Reggie: I’ve got a 1962 Pontiac that I’m working on at the moment. And I’m known for taking an old Holden and smashing some oversize V8 in it just for fun. So that’s where the workshop style vernacular comes from and that’s why Nate injected that into the theme of things. And topically all the lyrics they refer to aspects of me, and “Owners Manual” was the first album with the perfect title for that. You read those lyrics and you’re going to understand me big time. And this has been working with “Workshop” album as well. Those songs are like therapy and then “Service Manual” is the perfect scenario, it’s the pop up of where I’m at, at the moment with my head.

Simone: That’s so awesome. I love hearing the story behind songs, and the albums and the names. Particularly then when you hear the songs, or if I listen to them again now, they’ll hold a different meaning.

Reggie: Yeah you get a bit if a back story on it.

Simone: Yeah I think it is very rich when you get the opportunity to talk to artists such as yourself and really delve into your work, because obviously a lot of creativity goes into them and as you said it doesn’t just pop out with – oh it didn’t relate to anything, there’s always a really cool story to go with it.

Reggie: That’s why Nate is so needed in this area. That’s the one thing I find too. I listen to records and I look at artists and I do all that. It’s not like in the old days where you pull out the album cover and you get to read where it was done and what was done, you actually  have to pull out your phone and go digging. It’s not something you can readily get while listening to the song. You got to be in the application, you can’t read the artwork while you listen to the song. It’s got to be easier. And I think platforms like yourself, digital rags, and places that are streaming interviews as well, are just as important now, now more than ever, so that someone like me can actually paint a picture for you. This is what I was doing when I wrote that song. People are still interested. They want to know.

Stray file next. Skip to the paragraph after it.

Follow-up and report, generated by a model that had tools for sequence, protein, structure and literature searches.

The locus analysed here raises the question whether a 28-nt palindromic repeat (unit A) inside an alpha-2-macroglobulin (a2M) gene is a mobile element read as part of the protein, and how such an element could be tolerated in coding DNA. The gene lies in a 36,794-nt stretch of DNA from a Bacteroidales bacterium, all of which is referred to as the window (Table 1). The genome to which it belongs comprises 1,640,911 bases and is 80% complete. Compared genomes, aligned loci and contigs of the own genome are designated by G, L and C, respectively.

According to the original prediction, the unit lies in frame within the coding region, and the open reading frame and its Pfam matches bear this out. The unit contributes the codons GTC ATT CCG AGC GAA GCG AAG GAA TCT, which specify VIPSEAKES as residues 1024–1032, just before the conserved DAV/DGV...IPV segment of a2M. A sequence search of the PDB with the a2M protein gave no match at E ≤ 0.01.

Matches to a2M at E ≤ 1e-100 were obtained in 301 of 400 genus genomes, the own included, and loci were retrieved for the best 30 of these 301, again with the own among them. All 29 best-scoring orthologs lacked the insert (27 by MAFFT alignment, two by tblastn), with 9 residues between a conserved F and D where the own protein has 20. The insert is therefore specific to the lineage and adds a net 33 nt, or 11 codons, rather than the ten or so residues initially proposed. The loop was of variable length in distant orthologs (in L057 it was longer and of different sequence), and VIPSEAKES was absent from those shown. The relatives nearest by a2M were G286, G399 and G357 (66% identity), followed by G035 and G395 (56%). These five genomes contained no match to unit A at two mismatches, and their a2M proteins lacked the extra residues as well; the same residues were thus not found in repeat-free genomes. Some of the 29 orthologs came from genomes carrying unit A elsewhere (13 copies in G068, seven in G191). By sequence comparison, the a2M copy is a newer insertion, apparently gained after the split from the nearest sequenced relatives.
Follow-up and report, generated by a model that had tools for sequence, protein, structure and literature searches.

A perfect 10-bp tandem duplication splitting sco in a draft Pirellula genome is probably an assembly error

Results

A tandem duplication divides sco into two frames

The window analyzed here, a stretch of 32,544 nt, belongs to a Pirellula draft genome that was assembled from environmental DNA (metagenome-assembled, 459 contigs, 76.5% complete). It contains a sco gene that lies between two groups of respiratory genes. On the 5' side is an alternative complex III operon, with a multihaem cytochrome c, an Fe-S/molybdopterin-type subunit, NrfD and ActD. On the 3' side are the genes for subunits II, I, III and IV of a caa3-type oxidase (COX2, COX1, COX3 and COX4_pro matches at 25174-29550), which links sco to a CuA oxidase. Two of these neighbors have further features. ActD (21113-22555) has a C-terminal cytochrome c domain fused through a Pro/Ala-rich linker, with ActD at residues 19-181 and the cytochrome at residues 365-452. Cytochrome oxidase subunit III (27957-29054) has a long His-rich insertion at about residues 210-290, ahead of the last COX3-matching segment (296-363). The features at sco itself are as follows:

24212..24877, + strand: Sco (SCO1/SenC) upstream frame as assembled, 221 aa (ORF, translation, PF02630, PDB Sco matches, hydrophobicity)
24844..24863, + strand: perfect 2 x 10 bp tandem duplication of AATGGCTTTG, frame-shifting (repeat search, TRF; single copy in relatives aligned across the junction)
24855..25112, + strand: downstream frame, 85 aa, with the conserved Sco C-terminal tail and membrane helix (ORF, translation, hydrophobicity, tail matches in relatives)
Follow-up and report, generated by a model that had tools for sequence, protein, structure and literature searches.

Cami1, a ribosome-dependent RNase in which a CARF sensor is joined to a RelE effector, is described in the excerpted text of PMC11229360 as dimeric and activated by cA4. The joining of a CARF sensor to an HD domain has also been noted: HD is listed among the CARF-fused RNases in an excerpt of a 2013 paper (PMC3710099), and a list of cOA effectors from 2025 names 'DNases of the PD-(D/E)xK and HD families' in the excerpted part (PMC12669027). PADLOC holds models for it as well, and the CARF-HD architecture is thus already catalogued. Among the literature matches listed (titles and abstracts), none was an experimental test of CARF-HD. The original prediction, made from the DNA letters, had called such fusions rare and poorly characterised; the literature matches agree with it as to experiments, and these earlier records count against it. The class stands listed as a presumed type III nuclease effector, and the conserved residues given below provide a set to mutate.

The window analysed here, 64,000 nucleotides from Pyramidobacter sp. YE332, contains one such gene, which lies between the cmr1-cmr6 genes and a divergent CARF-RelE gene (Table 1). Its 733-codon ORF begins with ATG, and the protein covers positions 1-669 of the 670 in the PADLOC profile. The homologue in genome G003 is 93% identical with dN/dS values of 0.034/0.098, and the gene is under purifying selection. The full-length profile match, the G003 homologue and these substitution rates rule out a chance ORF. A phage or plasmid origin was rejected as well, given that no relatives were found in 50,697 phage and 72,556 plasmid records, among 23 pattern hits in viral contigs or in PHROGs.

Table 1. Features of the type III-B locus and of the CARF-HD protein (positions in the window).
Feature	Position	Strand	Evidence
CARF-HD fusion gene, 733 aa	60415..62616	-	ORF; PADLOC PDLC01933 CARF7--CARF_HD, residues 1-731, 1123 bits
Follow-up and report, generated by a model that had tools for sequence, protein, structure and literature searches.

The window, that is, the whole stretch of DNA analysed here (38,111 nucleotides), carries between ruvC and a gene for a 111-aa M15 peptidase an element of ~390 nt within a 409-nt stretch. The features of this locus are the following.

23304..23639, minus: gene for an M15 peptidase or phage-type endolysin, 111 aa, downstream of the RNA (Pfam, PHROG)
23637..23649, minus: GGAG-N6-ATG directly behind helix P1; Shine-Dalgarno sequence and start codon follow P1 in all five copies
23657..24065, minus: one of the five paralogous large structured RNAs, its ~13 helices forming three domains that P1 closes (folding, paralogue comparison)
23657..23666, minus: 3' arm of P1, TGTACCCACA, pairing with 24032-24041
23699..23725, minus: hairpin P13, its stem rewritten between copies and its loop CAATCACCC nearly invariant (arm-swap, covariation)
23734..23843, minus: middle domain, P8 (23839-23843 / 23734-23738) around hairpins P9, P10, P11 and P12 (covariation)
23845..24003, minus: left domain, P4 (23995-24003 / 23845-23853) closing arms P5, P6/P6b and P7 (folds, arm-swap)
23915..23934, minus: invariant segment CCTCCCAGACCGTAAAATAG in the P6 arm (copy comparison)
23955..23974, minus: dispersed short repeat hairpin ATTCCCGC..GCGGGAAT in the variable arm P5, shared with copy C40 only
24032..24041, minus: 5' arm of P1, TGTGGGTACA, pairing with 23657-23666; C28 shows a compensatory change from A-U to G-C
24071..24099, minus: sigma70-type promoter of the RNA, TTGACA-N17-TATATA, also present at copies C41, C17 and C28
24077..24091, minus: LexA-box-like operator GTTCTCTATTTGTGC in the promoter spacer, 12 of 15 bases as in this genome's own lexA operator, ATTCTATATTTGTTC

Simone: Absolutely. I agree. It’s fantastic. I think for those music lovers, as you said, who get the opportunity to read interviews with artists on platforms, it’s really good to be able to find that information about new albums, new songs, new artists, old artists. It’s fantastic.

Reggie: In some cases it’s almost like joining the dots too.

Simone: Definitely. Well I’ll wrap up because I’ve taken up a bit of your time.

Reggie: That’s all good

Simone: I really appreciate you talking to me today. So, thank you so much.

Reggie: No problem. Anytime.

Simone: It’s been a pleasure to chat to you. I’m a fan from way back – Southern Sons, so it’s all very surreal for me that I get to do these things and the artists that I love are still around all these decades later. I love it! (laughs)

Reggie: (laughs) That’s great. Awesome.

Simone: Thank you so much and I really do sincerely hope we see you out on the road once we’re allowed to have live music again and I’ll definitely be coming along and showing my support.

Reggie: No worries. That would be great. Fantastic. I’m looking forward to it.

Simone: No worries. Thanks, so much Reggie and enjoy the rest of your day.

Reggie: You too. Cheers. Thanks again. Bye.

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You can listen to Reggie’s new EP and his collection of tunes here https://reggie.bandcamp.com/